When I was a kid, I really liked Disney’s Uncle Scrooge comic books, and it struck me that they contained a lot of the same material fringe history material that I eventually would read about in ancient astronaut and ancient mystery books. Scrooge McDuck, for example, went in search of King Solomon’s mines and the Minotaur’s Labyrinth, the philosopher’s stone and the lost continent of Atlantis. These stories, first published in the early 1950s, drew on the pulp fiction of the 1930s and 1940s (hence their Atlanaeans evolved into fish-people), and form another offshoot of the same pulp fiction/weird fiction complex that gave rise to UFOs, ancient astronauts, and other pseudoscientific approaches to history. The comic stories, frequently reprinted down to the present, also formed the basis for the Indiana Jones-style adventures of the animated Duck Tales series.
I obtained copies of some of the oldest Uncle Scrooge comics, and they contained a number of stories that are no longer reprinted, mostly because they’re really racist. I was struck, though, by a scene that occurred in Uncle Scrooge #29, in the story “The Island in the Sky,” from March-May 1960. In that adventure Uncle Scrooge, Donald Duck, and the kids Huey, Dewey, and Louie travel by rocket to the asteroid belt in order to find a new hiding place for Scrooge’s three cubic acres of cash. They thought they found an uninhabited rock, only to discover that it was filled with “primitive” Indians.
Take a look at what happens next:
It’s pretty much the ancient astronaut theory in a nutshell. What’s more, it’s almost identical to the thought experiment that Erich von Däniken asked readers to imagine in the second chapter of Chariots of the Gods in 1968. There, he asked readers to consider Earth men rocketing to another planet and landing before a primitive race:
Our space travellers see beings making stone tools; they see them hunting and killing game with throwing spears; flocks of sheep and goats are grazing on the steppe; primitive potters are making simple household utensils. A strange sight to greet our astronauts!
There is no question of direct transmission. These are not the only examples of the theme. For instance, The Twilight Zone episode S03E28 “The Little People” from March 30, 1962 similarly featured Earth astronauts being taken for gods by the tiny inhabitants of an alien world. Predating all of these is the 1956 clunker The Mole People, in which American archaeologists entering the Hollow Earth find a remnant Sumerian civilization and convince the king that that they are divine beings sent by Ishtar. (And what a dud that film is! It’s half a century’s worth of fringe history, from Hollow Earth theories to Panbabylonism, distilled into 77 crappy minutes.) Undoubtedly, there are many other examples.
What is interesting, though, is that the Uncle Scrooge version makes quite plain (though somewhat incorrectly) the direct inspiration for assuming that Native people would mistake space travelers for deities: the myth, recorded by Spanish missionaries, that the Native peoples of Mexico mistook the Conquistadors for their returning white gods. This is the same myth that, in another form, informed the diffusionist claim that white men had long ago colonized the Americas and given the continent its civilization, Christianity, and/or Templar-Freemason secrets. That story was invented in the 1530s and 1540s by the first generation of Spanish historians of the New World. It was based on a fake speech Cortés assigned to Montezuma, and expanded upon by Bernardino de Sahagún and the Franciscan historians.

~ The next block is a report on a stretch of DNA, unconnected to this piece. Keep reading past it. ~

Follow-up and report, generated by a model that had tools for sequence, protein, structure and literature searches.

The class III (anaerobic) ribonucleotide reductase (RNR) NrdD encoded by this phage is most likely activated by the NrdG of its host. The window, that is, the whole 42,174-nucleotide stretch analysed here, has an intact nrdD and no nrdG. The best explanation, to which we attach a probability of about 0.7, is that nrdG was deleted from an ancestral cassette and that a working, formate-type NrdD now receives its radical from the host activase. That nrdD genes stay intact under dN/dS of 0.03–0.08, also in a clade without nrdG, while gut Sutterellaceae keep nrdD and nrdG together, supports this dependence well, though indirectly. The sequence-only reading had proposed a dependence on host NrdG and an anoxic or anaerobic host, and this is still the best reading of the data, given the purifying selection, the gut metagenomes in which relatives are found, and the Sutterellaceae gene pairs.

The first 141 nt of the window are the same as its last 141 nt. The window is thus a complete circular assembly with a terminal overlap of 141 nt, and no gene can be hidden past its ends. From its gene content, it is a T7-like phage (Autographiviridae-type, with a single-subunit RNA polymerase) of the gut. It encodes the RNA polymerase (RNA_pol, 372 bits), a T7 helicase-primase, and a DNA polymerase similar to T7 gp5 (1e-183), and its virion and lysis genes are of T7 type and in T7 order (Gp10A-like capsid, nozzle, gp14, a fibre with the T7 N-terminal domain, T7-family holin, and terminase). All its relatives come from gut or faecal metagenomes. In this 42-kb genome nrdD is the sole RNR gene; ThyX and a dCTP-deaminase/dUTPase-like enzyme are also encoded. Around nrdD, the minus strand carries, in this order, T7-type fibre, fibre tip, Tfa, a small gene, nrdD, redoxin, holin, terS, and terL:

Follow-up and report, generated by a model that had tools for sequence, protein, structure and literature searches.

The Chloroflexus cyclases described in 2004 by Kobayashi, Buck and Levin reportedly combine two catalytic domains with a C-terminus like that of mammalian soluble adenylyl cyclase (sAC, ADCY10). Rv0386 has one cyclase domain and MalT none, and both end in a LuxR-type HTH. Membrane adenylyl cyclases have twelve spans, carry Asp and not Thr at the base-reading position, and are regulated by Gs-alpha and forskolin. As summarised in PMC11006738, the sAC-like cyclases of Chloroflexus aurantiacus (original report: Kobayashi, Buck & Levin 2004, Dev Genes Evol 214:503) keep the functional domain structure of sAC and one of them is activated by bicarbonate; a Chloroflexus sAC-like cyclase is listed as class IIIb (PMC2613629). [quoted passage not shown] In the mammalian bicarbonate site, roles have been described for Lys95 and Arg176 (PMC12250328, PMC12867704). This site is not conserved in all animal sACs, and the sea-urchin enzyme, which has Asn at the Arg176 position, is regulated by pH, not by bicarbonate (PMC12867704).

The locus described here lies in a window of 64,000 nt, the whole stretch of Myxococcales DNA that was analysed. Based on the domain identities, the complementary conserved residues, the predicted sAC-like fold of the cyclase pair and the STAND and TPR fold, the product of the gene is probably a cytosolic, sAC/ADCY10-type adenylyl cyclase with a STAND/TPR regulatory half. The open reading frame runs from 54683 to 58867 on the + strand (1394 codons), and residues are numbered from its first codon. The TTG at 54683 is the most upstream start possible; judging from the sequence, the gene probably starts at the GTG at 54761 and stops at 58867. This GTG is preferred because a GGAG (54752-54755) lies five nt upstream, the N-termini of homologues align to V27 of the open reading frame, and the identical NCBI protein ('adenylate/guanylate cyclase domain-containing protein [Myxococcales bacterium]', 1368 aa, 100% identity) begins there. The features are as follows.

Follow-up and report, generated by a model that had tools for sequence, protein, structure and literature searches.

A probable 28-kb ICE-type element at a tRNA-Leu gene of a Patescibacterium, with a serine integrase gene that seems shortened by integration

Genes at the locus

While that may have been the origin point for the modern trope, it is not the starting point for the story. The Spanish missionaries came to the New World steeped in the Bible and therefore expected that in the New World they would find echoes of the Old. They already believed themselves to be the equivalent of the Apostles—writers like Diego Durán and Toribio de Benavente believed St. Thomas or another Apostle visited Mexico and Peru 1500 years earlier—and they imagined themselves to be treated like them. Therefore, it is no surprise that they cast the arrival of the Catholic Spanish in terms familiar from Acts 14:
11 Now when the people saw what Paul had done, they raised their voices, saying in the Lycaonian language, “The gods have come down to us in the likeness of men!” 12 And Barnabas they called Zeus, and Paul, Hermes, because he was the chief speaker. 13 Then the priest of Zeus, whose temple was in front of their city, brought oxen and garlands to the gates, intending to sacrifice with the multitudes. 14 But when the apostles Barnabas and Paul heard this, they tore their clothes and ran in among the multitude, crying out 15 and saying, “Men, why are you doing these things? We also are men…”
We could keep going back further, to the Euhemerists of ancient Greece, who thought that the gods were old kings whose memories had been deified.
In all of these cases, however, the literary purpose of such narratives is clear: They paint the Natives as primitive, naïve, credulous, and a little stupid. They also serve to glorify the conquerors as the opposite. The ancient astronaut theory therefore has the unintended consequence of making all humans look stupid, which is perhaps why so many modifications of it attempt to set aside a subset of humans, typically elite white males, who understand the truth and actively conspire with the aliens while everyone else stumbles about in blindness.
I am an author and researcher focusing on pop culture, science, and history. Bylines: New Republic, Slate, etc. There's more about me in the About Jason tab.
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